For those who never picked up the comic book (and somehow missed the dreadful earlier film version with Dolph Lundgren), "The Punisher" is Frank Castle (Thomas Jane), reconfigured here as a former Special Forces soldier who has become one of the FBIís top undercover agents. As the film opens, he goes off on what he swears will be his last job before going off to Europe with his perky wife (Samantha Mathis) and adorable son. However, the gun-running sting he is working on falls apart (surprisingly, not because of his cheesy wig and cheesier fake-German accent) and during the ensuing firefight, some dope is gunned down. After a moment of remorse ("People werenít supposed to die out there!"), he takes off to Puerto Rico for a family reunion before leaving for good.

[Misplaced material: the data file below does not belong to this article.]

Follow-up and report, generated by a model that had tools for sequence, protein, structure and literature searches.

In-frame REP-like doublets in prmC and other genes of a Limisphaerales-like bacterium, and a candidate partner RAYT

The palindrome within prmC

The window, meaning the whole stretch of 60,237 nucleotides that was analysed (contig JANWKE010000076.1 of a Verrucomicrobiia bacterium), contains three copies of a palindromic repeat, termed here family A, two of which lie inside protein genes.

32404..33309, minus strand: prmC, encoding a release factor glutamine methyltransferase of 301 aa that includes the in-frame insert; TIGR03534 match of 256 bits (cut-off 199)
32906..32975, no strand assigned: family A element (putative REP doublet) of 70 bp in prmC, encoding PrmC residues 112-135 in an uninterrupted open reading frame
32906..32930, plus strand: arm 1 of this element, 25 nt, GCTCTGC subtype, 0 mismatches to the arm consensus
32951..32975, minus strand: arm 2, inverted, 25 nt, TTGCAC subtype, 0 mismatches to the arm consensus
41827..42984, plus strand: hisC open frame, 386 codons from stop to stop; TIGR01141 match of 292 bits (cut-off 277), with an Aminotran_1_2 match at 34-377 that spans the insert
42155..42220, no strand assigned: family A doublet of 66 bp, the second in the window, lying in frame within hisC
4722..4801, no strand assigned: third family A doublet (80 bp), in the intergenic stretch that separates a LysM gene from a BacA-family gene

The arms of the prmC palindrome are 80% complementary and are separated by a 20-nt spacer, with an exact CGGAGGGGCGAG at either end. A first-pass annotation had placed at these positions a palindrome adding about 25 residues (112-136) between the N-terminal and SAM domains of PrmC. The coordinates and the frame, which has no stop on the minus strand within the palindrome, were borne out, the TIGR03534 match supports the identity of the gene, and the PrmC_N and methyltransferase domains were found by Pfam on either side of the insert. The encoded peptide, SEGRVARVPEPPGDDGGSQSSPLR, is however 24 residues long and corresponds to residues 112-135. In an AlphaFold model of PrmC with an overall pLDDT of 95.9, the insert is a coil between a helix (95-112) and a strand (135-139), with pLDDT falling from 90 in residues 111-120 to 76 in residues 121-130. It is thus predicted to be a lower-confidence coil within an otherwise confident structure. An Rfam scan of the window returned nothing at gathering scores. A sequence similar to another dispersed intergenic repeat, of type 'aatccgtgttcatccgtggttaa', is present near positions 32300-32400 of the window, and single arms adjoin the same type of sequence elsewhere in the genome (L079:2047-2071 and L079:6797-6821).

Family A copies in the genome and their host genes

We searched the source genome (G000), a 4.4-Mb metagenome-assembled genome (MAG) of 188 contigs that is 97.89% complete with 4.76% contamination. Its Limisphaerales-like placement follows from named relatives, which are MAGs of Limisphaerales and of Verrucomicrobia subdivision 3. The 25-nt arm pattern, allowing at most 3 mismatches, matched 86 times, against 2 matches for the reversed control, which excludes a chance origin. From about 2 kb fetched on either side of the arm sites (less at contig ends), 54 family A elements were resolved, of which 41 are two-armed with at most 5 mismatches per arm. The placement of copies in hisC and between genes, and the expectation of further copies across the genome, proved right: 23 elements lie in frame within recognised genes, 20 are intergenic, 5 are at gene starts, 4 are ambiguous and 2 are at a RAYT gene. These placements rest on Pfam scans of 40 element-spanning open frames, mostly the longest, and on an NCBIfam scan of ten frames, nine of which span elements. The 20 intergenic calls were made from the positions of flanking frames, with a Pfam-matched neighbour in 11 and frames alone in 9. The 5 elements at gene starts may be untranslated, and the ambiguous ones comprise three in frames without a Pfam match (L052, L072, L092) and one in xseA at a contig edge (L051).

Unfortunately for him, the dead guy was the son of crime kingpin Howard Saint (John Travolta in full-on scenery-chewing mode) and, after discovering Castleís identity, decides to cheer up his grieving wife (Laura Elena Harring) by arranging to have the entire reunion crowd gunned down in cold blood. The killers, led by Saintís right-hand man Quentin Glass (Will Patton), ruthlessly and efficiently slaughter every person in sight (mostly because none of them apparently learned how to serpentine). When they get to Castle, however, they decide against the efficient bullet-in-the-skull that they used on everyone else; instead, they choose one of those elaborate and creative death seemingly designed solely so that there is no body to prove that he is really dead.